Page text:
Three of the teenagers accused of killing Linda Frickey during a brutal New Orleans carjacking pleaded guilty to reduced charges on Monday, as prosecutors and defense attorneys selected the 12 jurors who will decide the fate of their alleged accomplice.??

Briniyah Baker, 17, Lenyra Theophile, 16, and Mar'Qel Curtis, 16, had each been charged as adults with second-degree murder for their role in the attack on Frickey, 73, who died March 21, 2022, after she was carjacked on Bienville Street and dragged alongside her stolen SUV.

But as jury selection was set to begin in Orleans Parish Criminal District Court Monday morning, prosecutors announced the girls intended to plead guilty to attempted manslaughter and accept sentences of 20 years in prison each.

The agreement, which was assented to by Frickey’s family and accepted by Judge Kimya Holmes, followed a weekend of surprise negotiations between the District Attorney's Office and defense attorneys. It left John Honore, 18, who prosecutors say punched and kicked Frickey as he forced her from her vehicle, as the sole defendant facing a second-degree murder charge.

Honore has pleaded not guilty.

The pleas marked the partial end to a court case that has sputtered through the New Orleans court system for the last 18 months and should accelerate a trial that was anticipated to take weeks to conclude.

Though the attack on Frickey, a grandmother who lived in Westwego, came during a surge in carjackings and other violent crimes in New Orleans, her killing in broad daylight shocked residents and civic leaders, who demanded a response from police and prosecutors.

It also prompted tough questions about justice and accountability for juvenile offenders. After the four teenagers were arrested, District Attorney Jason Williams announced they would all be charged as adults.

In handing down the sentences on Monday, Holmes said: “You are children who decided to play adults...and you affected this whole city.”

'The worst decision of my life'?

While prosecutors have accused Honore of taking the lead in the attack, both Theophile and Baker were allegedly in the SUV as Honore drove away. Curtis fled within seconds of the attack, prosecutors have said.

On Monday, Curtis and Baker spoke to Frickey’s family before they were sentenced.

Reading from a written statement, Curtis apologized, saying: “I wish I could go back and change the outcome. (Frickey) seemed like such a nice lady.”

Curtis called her choice to participate in the carjacking “the worst decision of my life. I’m truly sorry.”

Baker wrung her hands as she stood before Frickey’s family.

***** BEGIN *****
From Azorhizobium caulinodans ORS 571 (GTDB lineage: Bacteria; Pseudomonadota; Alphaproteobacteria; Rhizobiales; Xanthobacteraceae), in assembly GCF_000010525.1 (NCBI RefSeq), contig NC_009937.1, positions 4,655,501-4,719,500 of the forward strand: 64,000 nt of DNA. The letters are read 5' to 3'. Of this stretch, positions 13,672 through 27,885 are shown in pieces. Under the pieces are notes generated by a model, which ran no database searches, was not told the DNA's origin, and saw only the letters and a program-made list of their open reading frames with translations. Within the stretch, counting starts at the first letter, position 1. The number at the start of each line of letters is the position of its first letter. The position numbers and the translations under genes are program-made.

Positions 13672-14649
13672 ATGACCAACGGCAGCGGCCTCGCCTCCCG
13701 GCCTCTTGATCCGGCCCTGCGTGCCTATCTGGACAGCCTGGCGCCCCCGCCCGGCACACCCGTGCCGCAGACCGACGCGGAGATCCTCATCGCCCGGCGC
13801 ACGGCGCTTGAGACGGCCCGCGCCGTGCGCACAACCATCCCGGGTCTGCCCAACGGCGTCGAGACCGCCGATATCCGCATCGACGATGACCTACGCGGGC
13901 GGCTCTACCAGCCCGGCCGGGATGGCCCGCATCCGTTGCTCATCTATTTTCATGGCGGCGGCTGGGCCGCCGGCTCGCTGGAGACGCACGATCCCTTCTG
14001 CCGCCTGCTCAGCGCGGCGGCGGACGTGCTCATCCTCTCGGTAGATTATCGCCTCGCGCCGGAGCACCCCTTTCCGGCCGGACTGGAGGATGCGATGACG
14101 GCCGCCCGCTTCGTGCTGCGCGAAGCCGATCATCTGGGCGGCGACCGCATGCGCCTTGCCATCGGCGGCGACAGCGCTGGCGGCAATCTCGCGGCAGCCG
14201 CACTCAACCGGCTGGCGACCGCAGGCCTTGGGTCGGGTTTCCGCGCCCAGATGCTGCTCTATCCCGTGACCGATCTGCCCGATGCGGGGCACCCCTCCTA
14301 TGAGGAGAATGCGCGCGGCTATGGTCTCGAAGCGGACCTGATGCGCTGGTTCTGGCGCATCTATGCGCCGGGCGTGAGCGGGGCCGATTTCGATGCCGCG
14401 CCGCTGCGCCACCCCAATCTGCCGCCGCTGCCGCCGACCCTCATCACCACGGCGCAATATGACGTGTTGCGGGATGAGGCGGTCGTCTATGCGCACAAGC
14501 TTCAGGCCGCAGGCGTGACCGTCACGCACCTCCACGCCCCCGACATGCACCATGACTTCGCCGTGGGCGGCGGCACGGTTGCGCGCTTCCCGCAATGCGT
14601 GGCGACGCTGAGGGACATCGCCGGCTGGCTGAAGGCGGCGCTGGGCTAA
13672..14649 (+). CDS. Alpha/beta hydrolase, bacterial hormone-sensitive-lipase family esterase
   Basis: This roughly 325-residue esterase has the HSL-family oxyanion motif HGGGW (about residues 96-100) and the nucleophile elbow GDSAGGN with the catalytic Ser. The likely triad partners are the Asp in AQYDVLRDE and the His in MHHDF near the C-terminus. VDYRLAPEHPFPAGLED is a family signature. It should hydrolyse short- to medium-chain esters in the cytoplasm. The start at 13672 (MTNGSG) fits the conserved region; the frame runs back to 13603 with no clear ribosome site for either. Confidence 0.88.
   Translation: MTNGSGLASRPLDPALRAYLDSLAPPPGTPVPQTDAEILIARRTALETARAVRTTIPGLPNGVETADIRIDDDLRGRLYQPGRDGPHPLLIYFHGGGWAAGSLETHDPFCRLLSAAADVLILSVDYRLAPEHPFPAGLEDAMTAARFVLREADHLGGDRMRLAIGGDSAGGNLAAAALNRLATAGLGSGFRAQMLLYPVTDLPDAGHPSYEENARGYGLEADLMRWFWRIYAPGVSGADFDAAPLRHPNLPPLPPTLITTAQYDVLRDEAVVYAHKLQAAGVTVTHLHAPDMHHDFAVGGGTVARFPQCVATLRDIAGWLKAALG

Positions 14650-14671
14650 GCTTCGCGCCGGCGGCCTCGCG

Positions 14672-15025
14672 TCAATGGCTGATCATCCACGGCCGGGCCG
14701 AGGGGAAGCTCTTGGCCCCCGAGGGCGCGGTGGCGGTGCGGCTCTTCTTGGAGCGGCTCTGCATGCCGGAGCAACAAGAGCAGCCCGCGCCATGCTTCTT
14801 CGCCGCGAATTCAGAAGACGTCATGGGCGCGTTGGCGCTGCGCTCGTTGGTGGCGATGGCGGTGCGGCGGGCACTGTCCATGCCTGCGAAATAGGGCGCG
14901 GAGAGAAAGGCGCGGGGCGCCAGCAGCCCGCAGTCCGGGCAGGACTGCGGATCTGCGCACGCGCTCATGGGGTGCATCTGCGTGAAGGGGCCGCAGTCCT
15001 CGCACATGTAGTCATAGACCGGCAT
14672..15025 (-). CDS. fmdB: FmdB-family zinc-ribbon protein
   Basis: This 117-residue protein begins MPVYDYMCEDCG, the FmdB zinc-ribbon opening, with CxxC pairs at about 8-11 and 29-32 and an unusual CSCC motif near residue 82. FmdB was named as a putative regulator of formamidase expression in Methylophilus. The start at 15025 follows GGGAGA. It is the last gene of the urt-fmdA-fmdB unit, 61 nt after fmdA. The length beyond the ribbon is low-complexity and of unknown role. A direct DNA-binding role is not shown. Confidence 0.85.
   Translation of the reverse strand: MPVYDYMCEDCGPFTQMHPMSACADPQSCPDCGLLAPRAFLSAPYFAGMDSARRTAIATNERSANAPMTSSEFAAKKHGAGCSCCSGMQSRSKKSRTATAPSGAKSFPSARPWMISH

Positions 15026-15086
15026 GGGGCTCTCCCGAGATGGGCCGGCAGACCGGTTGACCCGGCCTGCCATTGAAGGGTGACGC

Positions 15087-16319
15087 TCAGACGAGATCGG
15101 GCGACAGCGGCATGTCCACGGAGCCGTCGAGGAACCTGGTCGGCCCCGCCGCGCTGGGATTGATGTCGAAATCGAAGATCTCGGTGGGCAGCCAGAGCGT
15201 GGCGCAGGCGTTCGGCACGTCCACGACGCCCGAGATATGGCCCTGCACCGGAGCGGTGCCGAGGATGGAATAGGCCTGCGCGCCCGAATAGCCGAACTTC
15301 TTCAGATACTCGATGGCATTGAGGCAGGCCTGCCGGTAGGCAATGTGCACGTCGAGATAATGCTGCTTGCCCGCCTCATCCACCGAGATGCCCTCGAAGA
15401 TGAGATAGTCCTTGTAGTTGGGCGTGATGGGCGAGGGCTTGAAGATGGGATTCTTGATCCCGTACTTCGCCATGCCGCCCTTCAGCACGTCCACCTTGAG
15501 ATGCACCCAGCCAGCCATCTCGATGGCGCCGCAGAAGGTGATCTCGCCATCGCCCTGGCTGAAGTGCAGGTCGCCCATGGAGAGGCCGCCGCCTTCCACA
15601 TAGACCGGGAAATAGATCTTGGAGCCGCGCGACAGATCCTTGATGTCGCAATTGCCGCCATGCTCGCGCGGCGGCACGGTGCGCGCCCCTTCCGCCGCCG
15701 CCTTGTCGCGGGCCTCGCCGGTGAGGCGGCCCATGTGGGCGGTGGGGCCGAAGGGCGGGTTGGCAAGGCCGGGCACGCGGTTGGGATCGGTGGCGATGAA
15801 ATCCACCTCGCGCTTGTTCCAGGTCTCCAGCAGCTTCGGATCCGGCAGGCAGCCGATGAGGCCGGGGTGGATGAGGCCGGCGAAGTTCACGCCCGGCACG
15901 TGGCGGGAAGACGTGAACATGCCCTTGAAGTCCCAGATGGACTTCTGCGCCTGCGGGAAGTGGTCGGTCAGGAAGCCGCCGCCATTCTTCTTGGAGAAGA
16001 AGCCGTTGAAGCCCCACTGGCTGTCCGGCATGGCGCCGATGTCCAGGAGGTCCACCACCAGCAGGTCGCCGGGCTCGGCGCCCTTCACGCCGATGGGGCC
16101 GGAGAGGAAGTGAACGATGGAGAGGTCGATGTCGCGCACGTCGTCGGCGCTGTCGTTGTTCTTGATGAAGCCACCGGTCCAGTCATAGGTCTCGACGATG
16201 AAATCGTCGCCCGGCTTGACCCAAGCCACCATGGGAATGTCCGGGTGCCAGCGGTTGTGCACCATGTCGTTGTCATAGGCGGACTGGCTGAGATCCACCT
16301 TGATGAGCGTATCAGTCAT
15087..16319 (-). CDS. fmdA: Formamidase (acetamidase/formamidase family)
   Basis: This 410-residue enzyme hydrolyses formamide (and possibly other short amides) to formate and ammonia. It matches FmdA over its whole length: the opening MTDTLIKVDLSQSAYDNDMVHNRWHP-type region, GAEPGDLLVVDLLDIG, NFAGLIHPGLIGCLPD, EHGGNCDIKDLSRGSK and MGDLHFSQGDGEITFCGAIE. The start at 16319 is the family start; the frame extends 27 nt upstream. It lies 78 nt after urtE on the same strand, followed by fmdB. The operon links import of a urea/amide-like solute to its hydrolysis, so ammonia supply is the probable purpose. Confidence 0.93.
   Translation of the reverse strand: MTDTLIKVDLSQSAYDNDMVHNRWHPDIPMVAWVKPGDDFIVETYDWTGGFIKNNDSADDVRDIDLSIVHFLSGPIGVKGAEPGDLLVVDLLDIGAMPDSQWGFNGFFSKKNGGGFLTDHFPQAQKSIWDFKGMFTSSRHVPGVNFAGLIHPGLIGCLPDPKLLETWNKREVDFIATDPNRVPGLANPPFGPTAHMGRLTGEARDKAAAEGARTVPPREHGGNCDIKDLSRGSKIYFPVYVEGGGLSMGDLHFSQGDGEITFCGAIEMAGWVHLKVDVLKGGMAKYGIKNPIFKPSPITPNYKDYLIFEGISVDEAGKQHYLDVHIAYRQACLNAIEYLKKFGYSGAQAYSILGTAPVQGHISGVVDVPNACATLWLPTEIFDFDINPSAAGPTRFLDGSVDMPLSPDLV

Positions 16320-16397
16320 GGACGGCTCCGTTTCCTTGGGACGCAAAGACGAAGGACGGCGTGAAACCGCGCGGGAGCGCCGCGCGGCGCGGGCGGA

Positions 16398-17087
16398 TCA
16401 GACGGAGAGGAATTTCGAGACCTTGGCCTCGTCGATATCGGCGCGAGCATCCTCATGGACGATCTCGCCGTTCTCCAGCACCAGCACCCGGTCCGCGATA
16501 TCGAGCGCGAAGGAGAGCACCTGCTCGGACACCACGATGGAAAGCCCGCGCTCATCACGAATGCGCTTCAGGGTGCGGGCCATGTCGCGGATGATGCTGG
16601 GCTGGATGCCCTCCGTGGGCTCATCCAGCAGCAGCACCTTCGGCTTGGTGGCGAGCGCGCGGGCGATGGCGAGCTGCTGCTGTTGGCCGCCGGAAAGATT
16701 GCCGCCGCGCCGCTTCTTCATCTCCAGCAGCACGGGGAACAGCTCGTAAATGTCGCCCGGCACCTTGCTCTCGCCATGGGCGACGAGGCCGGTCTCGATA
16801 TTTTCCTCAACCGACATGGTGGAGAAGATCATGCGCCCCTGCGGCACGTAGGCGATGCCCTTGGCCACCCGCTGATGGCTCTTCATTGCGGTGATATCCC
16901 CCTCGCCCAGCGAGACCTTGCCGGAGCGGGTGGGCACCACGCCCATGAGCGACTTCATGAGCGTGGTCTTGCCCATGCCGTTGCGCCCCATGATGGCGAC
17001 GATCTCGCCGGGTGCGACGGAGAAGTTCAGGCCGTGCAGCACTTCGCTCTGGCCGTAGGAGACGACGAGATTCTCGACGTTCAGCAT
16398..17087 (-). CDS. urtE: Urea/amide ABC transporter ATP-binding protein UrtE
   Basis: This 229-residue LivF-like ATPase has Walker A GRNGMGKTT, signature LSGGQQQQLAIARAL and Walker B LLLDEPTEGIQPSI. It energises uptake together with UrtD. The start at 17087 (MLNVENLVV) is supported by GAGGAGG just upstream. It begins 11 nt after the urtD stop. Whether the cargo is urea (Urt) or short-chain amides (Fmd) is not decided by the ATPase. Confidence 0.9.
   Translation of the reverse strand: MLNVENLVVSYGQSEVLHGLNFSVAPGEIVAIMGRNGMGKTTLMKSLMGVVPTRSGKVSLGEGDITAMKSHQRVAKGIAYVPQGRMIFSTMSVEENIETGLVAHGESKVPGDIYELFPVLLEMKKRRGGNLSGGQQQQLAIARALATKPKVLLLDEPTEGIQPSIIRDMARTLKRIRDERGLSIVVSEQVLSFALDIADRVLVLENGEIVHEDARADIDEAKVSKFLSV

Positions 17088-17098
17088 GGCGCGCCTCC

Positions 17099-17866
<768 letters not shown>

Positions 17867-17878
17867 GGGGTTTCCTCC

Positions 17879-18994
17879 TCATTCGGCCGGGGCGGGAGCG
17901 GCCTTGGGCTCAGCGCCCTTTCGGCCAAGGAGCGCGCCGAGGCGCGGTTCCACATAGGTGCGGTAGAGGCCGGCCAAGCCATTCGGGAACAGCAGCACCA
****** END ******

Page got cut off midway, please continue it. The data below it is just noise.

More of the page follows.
“That’s not what we set out to do,” she said tearfully of the killing, “and I hope that you all can forgive me.”

Theophile did not speak. Instead, her defense attorney, Gregory Carter, said, “We’re tremendously thankful for the grace shown by the Frickey family to help us facilitate this plea — and our thoughts and prayers continue out to them for their loss.”

The pleas came as a surprise to Frickey’s family members, who until the weekend had expected all four teens would go to trial.

“For them to plead guilty and say they want to do the 20 years is a relief to us,” said Jinny Griffin, the sister of Linda Frickey.

Kathy Richard, Linda Frickey’s sister-in-law, gave a victim’s impact statement. She thanked the girls’ for their pleas and encouraged them to pass along the lessons she hoped they had learned.

“You don’t take things that don't belong to you,” Richard said. “You don’t hurt people. There are consequences for everything. You don't have to be 30 years old to know right from wrong.”

Keith Lampkin, spokesperson for the district attorney’s office, said in a prepared statement that “We would like to highlight the remarkable grace of Mrs. Frickey's family in response to the words of the three defendants who accepted responsibility for their roles in this horrific matter."

Jury seated

With the fate of the three girls decided, the court turned to selecting a jury for the case against Honore.

The process laid bare the difficult questions about juvenile justice that have emerged since the teenagers’ arrest and Williams’ decision to transfer all four youths from the juvenile system.

Honore, if convicted as charged, will be sentenced to mandatory life in prison with the chance for parole in 25 years. Had he remained in the juvenile system, his maximum punishment would have been a juvenile life sentence, a punishment that ends when a defendant turns 21 years old.

Some potential jurors said they were troubled by the potential life sentence, while others indicated they thought it was appropriate if prosecutors proved their case.

“I think I would feel conflicted in my involvement in saying 25 years is appropriate in this circumstance,” said one potential female juror. “I would feel ‘ugh’ on the inside.”

Another potential female juror said she felt it could be warranted.

“By 16, you should know right from wrong,” she said.

“I don’t think anyone leaves here with a smile on their face, feeling good about things,” replied Assistant District Attorney Matthew Derbes to the juror concerned about the long sentence. “There are no winners in this court room.”

The case has received overwhelming media attention, a fact that featured heavily in Monday’s jury selection. Of the first 20 potential jurors, only five said they were not familiar with the case.

Twelve jurors and three alternate jurors were ultimately selected.

Honore’s trial will resume on Nov. 27.

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